The Recession’s ripples have reached far. We, in the midst of a veritable architecture meltdown, can attest to that. But even our situation can’t compare to Spain’s, a country where “the mother of all housing bubbles” meant the Recession didn’t just land – it tsunami-ed onto her shores.
The metaphor may seem overblown, but it’s not so far off. Spain, a country that once stuffed its cities with show-stopping cultural centers, airports, and municipal buildings, has been shocked still.The new Spain is populated with empty high-rises, half-finished “starchitecture,” and plans gathering dust. A quarter of its architects are out of work and about one half of its studios have closed their doors.
Spain, once a beacon for architects across the globe, has hit a standstill. For the first time in decades, thousands of architects are fleeing its shores. So what does this mean for architecture in Spain – and the world? Has the Recession signified the end of an era? Has the torch of architectural innovation been passed?
In a word? Yes.
Exclusive insight from some of Spain and Portugal’s acclaimed architects, after the break…
They call it the “hangover” of an “epic fiesta” (see: the cheeky youtube video above). In their heyday, 2006, the country boasted 920,000 housing projects. As of last year, that number dwindled to 60,000. And the surplus isn’t limited to the architecture.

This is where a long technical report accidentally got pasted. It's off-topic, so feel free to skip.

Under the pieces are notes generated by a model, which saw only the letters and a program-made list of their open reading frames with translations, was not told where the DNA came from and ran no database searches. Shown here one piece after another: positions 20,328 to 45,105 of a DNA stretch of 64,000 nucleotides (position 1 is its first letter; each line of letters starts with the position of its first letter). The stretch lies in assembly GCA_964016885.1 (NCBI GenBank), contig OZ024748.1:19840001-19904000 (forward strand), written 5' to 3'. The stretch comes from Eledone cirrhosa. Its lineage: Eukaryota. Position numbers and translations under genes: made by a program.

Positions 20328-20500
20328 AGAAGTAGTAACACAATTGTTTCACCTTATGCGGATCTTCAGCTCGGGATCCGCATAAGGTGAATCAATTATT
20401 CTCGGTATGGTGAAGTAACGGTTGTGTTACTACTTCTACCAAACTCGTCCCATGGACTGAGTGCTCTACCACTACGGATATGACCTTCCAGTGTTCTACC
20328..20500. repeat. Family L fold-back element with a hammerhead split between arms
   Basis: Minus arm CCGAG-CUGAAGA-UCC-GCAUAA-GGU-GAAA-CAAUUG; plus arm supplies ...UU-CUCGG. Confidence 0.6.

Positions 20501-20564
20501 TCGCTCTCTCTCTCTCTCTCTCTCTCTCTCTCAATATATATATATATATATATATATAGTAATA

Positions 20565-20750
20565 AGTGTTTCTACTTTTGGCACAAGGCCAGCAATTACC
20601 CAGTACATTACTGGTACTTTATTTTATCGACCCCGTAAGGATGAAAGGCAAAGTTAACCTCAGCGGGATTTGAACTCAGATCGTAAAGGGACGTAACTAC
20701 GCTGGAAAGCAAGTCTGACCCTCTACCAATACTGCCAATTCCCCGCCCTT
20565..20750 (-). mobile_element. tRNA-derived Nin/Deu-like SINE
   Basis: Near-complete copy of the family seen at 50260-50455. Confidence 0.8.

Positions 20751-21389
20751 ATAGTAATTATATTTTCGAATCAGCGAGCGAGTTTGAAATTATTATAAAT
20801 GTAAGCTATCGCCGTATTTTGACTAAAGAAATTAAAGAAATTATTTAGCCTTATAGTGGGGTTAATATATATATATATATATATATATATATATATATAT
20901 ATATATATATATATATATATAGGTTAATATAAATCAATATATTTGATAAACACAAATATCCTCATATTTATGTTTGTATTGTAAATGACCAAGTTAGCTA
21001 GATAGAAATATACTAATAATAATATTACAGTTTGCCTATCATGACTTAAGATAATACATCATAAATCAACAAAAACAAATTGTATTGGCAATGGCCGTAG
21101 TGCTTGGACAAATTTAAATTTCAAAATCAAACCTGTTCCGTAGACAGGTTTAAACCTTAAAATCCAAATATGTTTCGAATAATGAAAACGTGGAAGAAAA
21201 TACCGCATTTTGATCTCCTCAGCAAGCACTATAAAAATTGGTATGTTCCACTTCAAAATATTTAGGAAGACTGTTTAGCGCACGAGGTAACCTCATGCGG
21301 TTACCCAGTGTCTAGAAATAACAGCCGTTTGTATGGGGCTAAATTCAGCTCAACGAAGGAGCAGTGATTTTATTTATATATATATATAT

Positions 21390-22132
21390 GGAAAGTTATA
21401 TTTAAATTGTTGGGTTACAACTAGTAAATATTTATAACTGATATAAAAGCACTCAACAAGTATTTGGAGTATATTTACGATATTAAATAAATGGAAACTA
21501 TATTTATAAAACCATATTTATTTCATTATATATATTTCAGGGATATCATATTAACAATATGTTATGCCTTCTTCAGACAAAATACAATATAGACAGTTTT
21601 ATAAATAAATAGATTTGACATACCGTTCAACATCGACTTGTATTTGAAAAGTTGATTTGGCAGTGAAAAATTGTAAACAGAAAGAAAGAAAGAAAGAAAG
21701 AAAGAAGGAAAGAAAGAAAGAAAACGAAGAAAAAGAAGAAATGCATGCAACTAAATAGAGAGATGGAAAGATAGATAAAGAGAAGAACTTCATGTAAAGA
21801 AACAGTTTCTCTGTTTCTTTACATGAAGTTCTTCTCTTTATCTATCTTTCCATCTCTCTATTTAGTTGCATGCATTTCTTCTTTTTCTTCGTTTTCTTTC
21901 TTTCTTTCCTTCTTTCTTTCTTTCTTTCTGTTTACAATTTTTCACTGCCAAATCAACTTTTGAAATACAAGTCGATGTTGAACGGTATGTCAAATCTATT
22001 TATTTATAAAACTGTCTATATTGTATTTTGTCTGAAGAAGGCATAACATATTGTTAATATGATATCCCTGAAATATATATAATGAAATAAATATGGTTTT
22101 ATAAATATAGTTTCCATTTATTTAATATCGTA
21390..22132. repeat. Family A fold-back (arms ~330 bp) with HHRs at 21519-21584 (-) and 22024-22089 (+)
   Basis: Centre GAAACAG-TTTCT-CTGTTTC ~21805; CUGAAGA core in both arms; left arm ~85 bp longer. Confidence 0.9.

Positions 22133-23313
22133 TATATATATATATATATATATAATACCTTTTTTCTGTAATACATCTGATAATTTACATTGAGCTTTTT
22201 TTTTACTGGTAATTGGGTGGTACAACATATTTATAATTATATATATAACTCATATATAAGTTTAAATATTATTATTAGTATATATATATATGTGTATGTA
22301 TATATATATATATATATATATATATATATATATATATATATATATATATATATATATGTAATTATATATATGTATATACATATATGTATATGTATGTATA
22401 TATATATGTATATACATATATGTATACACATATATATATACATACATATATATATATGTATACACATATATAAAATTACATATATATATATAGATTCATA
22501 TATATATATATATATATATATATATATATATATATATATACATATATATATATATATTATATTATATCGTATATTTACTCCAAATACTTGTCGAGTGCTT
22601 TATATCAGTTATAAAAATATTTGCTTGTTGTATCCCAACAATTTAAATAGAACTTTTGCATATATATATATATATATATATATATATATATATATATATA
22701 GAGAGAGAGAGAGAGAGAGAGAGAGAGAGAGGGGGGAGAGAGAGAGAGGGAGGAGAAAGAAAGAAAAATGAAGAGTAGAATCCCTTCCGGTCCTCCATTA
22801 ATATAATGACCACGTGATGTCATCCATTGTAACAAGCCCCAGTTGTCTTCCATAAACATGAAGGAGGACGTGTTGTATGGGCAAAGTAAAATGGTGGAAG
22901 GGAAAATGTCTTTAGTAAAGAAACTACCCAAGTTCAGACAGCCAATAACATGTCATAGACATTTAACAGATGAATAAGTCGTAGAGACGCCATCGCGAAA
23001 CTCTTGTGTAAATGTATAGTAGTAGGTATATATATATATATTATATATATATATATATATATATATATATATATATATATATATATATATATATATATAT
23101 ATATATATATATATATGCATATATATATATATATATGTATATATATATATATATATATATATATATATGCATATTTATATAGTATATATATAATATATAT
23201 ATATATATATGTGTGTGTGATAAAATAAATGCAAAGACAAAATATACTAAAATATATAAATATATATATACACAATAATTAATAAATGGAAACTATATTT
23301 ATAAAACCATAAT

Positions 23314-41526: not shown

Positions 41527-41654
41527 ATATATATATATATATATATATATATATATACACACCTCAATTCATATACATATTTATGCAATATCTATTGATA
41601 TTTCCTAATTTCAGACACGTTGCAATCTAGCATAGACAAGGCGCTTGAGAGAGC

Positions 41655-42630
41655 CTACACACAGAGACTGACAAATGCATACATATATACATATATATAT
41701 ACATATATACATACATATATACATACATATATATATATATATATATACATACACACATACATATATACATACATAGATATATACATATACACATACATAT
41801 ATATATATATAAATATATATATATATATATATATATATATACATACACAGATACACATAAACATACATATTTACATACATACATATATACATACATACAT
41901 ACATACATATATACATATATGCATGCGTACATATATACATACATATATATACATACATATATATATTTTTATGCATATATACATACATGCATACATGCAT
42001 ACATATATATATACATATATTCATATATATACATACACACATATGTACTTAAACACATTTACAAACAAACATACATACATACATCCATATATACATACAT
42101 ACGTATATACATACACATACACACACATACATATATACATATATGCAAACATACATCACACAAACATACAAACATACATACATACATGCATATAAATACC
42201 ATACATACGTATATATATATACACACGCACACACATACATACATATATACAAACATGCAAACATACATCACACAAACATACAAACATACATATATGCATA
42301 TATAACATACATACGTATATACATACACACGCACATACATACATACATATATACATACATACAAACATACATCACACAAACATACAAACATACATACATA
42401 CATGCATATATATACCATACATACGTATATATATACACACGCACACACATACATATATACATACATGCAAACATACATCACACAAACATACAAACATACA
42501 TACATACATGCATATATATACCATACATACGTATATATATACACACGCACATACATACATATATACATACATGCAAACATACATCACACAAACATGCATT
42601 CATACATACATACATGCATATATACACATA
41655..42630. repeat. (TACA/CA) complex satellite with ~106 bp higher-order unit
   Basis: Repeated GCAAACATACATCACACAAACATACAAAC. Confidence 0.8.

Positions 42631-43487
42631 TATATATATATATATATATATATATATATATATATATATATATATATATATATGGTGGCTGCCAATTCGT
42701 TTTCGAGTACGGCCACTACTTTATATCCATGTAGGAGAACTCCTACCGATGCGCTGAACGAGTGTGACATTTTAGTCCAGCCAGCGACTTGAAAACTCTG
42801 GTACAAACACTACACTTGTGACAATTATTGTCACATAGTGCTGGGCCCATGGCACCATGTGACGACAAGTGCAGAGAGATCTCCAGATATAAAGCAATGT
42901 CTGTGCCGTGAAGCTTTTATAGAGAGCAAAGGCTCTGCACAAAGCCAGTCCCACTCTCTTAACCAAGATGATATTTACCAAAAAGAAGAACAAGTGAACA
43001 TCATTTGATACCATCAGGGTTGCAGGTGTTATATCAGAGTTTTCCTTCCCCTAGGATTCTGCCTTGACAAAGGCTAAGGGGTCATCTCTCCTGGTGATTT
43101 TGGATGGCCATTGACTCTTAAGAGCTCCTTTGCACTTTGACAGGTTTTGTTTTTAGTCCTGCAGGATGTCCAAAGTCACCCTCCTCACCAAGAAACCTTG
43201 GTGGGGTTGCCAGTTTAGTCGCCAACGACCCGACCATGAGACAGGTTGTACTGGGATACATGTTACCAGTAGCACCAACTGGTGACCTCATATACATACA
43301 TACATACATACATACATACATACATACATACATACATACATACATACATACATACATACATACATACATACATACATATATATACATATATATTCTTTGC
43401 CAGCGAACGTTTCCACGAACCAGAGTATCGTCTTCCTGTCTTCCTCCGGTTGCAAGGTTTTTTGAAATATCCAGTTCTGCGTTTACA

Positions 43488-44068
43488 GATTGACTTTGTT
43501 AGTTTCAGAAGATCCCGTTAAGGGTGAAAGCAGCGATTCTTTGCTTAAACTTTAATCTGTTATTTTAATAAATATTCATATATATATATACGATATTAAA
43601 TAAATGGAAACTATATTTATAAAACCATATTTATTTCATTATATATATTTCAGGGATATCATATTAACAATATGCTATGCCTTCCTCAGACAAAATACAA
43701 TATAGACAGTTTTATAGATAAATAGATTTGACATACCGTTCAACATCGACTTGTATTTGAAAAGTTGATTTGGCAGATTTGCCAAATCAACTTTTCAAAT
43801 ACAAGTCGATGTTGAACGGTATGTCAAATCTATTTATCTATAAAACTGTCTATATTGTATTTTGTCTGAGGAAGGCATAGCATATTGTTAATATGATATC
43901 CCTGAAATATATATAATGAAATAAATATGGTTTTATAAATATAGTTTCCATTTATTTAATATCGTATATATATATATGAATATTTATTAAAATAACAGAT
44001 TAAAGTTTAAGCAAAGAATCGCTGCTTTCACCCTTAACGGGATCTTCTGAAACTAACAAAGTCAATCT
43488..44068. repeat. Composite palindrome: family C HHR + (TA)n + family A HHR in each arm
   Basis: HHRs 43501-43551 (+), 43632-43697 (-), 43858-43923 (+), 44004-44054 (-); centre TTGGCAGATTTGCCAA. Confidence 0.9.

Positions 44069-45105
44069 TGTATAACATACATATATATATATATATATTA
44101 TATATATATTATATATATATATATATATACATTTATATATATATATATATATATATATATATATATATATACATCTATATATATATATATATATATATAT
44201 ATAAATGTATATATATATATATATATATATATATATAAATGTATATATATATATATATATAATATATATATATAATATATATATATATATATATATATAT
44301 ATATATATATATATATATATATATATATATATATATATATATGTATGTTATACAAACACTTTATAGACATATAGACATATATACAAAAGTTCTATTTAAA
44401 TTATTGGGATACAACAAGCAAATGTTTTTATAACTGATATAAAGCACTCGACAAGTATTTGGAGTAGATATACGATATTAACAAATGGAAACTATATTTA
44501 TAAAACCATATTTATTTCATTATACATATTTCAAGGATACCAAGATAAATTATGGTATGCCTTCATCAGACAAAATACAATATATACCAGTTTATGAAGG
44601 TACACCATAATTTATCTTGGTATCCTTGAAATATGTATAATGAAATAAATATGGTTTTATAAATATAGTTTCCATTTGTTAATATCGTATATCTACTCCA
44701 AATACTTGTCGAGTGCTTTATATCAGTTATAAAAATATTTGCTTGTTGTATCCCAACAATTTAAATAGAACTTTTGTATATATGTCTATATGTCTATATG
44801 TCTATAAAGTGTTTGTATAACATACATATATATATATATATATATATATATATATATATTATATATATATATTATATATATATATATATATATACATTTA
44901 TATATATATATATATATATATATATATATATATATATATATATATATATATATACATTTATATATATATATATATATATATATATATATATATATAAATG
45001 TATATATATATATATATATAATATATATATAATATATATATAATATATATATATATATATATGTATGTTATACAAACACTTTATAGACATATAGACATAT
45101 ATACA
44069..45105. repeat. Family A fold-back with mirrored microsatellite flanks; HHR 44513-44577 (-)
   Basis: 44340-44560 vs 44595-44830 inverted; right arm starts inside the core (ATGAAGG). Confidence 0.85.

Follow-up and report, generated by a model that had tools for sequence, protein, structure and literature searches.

There are over 50,000+ licensed architects in Spain. In comparison to the U.S., where there is about 1 architect for every 3,000 residents, that figure translates to 1 architect for every 919 Spaniards. 25% of those architects are unemployed, leaving architects no choice but to live in professional limbo – or go abroad.
There isn’t much to keep them at home. During the boom time every city wanted – and got – its own “Guggenheim.” Since the bubble burst, however, Spaniards have developed a disdain for the spending that got them into this mess in the first place – especially the buildings that most viscerally symbolize Spain’s folly.